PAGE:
(Bloomberg) — JPMorgan Chase & Co., in its third quarter under the shadow of the pandemic, showed that the surge in trading is holding up — and so are borrowers.
The biggest U.S. bank posted a surprise increase in earnings, fueled by a 30% jump in markets revenue as elevated volume kept its stock and bond traders busy. The lender also defied expectations by cutting its reserve for credit losses by $569 million, after adding $20 billion to the allowance in the first half, as charge-offs of bad loans declined from a year earlier.
Those improvements and a 9% gain in investment-banking fees led to the most profitable quarter of 2020.
“The corporate and investment bank continues to be a big driver of firm performance,” Chief Executive Officer Jamie Dimon said in a statement Tuesday. “We maintained our credit reserves at $34 billion given significant economic uncertainty and a broad range of potential outcomes.”
The Covid-19 pandemic has wreaked havoc on the global economy, and bank investors have been waiting to see how much that translates into losses from soured loans. Delinquencies have remained low so far, helped by lenders’ forbearance programs and government stimulus efforts, but bank executives have warned that the effects could drag on for years.
JPMorgan’s earnings hint at what’s to come when the rest of Wall Street reports results this week. The results indicate that the nation’s four biggest lenders probably won’t set aside the $10 billion of additional loan-loss provisions that analysts had expected for the third quarter.
In releasing some of its credit reserves, JPMorgan is signaling more optimism about the outlook for the economy than it did just a few weeks ago. The bank lowered its year-end forecast for U.S. unemployment to 9.5% from 10.9% in the second quarter, and expects the figure to fall to 7.3% by the end of next year.
More than half the consumer loans that were in payment deferral at the end of the second quarter have exited those plans, with $29 billion of balances remaining at the end of September. About 92% of accounts that came out of deferral programs are current on their payments, the bank said.
“If management does signal a more sanguine view on credit, with further reserve releases ahead, that would be a massive positive for the stock,” Vital Knowledge Media founder Adam Crisafulli wrote in a note.
Shares of the company rose 1.6% to $104.12 in early New York trading at 8:17 a.m.
In another sign of optimism, JPMorgan lowered its estimate for the U.S. economic contraction to 5.4% in the fourth quarter from a previous estimate of 6.2%.
Chief Financial Officer Jennifer Piepszak said in September that the bank’s third-quarter trading revenue would probably jump 20% from last year. The firm surpassed that as its $6.6 billion total was higher than the $6.15 billion analysts were expecting.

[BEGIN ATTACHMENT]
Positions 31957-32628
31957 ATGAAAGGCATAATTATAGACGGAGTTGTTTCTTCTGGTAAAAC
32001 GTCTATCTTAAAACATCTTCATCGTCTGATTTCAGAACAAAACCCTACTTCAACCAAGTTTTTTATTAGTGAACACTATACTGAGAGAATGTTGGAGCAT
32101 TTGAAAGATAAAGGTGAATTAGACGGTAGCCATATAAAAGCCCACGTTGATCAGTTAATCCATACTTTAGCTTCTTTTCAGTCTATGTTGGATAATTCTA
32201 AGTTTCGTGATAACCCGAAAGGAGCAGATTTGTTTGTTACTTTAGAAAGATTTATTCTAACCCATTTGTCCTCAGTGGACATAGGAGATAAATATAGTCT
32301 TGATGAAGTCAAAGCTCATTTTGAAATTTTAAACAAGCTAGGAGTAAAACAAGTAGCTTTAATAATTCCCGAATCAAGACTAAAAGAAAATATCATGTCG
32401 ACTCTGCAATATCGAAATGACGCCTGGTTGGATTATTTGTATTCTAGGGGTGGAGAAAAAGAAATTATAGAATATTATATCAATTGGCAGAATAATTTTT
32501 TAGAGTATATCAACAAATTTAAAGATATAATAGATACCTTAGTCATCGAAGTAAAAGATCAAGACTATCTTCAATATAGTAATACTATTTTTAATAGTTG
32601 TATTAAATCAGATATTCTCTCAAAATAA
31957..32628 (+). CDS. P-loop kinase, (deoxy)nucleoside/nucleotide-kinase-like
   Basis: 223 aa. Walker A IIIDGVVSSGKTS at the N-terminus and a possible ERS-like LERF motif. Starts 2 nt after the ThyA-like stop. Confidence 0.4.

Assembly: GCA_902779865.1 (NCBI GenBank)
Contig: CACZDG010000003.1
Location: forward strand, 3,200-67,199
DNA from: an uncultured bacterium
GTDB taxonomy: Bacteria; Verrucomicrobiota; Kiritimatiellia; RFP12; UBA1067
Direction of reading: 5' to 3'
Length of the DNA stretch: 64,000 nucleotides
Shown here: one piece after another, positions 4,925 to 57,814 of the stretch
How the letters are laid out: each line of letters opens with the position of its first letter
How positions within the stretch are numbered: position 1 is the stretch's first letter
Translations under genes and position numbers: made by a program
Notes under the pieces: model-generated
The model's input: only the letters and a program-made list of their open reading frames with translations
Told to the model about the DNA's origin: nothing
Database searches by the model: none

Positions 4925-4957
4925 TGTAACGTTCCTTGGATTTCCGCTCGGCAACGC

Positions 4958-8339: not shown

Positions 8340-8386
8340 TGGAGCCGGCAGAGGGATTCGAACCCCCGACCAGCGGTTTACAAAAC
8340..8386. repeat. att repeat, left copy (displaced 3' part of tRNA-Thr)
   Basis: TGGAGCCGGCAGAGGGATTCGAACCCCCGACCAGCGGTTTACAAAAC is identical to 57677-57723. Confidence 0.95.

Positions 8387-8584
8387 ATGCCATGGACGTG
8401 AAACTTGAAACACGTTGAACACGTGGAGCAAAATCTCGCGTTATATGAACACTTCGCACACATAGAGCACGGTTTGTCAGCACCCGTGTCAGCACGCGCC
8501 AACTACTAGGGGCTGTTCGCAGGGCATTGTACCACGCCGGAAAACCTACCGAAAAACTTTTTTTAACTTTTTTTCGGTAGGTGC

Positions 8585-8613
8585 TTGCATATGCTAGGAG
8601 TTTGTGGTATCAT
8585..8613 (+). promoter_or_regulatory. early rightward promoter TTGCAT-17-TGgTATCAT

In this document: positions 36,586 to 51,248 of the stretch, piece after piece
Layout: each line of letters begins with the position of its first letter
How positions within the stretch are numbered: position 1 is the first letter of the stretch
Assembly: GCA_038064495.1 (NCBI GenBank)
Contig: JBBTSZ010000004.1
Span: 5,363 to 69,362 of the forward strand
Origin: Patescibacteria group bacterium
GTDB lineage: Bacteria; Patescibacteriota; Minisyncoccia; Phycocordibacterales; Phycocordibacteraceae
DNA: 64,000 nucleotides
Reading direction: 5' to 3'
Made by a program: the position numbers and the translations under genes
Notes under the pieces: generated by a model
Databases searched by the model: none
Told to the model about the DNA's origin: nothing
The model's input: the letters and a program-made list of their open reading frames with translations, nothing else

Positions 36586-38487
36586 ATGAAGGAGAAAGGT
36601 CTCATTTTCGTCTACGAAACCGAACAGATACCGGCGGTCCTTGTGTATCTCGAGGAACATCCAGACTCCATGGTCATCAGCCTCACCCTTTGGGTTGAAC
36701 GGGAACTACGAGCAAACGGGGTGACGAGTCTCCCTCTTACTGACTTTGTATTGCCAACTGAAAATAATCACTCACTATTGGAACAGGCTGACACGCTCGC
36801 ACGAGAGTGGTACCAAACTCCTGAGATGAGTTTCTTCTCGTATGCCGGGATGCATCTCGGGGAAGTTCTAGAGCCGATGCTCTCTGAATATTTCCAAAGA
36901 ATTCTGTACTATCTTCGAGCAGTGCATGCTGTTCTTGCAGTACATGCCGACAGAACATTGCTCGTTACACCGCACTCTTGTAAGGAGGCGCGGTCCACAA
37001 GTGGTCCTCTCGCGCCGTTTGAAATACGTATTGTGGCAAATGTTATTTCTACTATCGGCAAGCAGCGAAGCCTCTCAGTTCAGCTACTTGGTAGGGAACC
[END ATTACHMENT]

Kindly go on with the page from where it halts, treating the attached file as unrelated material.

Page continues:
Profit climbed 4% to $9.44 billion from $9.1 billion a year ago. The New York-based bank took a one-time charge to help cover the cost of a $920.2 million fine to resolve U.S. authorities’ claims of market manipulation by its precious metals and Treasury markets trading desks. JPMorgan previously said it had set aside about half of what it needed for the fine.
Net revenue was flat from last year as a 7% increase in fee income was offset by lower lending income. The bank maintained its full-year outlook for net-interest income of $55 billion, and said annual expenses would be about $66 billion, in line with the outlook provided a month ago.
JPMorgan also extended a suspension on stock buybacks through at least the end of the year, citing the Federal Reserve’s unprecedented requirement that major U.S. lenders halt repurchases for now.
Other Key Results:
The reserve for credit losses was still almost $34 billion, as the bank said in September it was expecting loan defaults to surge in the first half of next year as the effect of the government’s stimulus measures starts to wear off.Net charge-offs fell to $1.18 billion, 24% lower than in the second quarter and 14% below the same period last year. The charge-offs were predominantly driven by the credit-card portfolio. The bank said its net reserve release was driven by the “run-off in the home-lending portfolio and changes in wholesale-loan balances.”The total provision for credit losses was $611 million, 94% lower than the second quarter and far below than the $2.38 billion analysts had estimated.Net interest income fell 9% to $13.1 billion. Analysts were expecting it to drop 6%.The firm’s investment bankers generated $2.2 billion advising on mergers and underwriting stock and bond offerings, 9% more than last year and more than analysts were expecting. A rebound in IPO activity helped JPMorgan’s equity capital-markets bankers generate $732 million, their best third quarter ever.
(Updates with additional results starting in ninth paragraph.)
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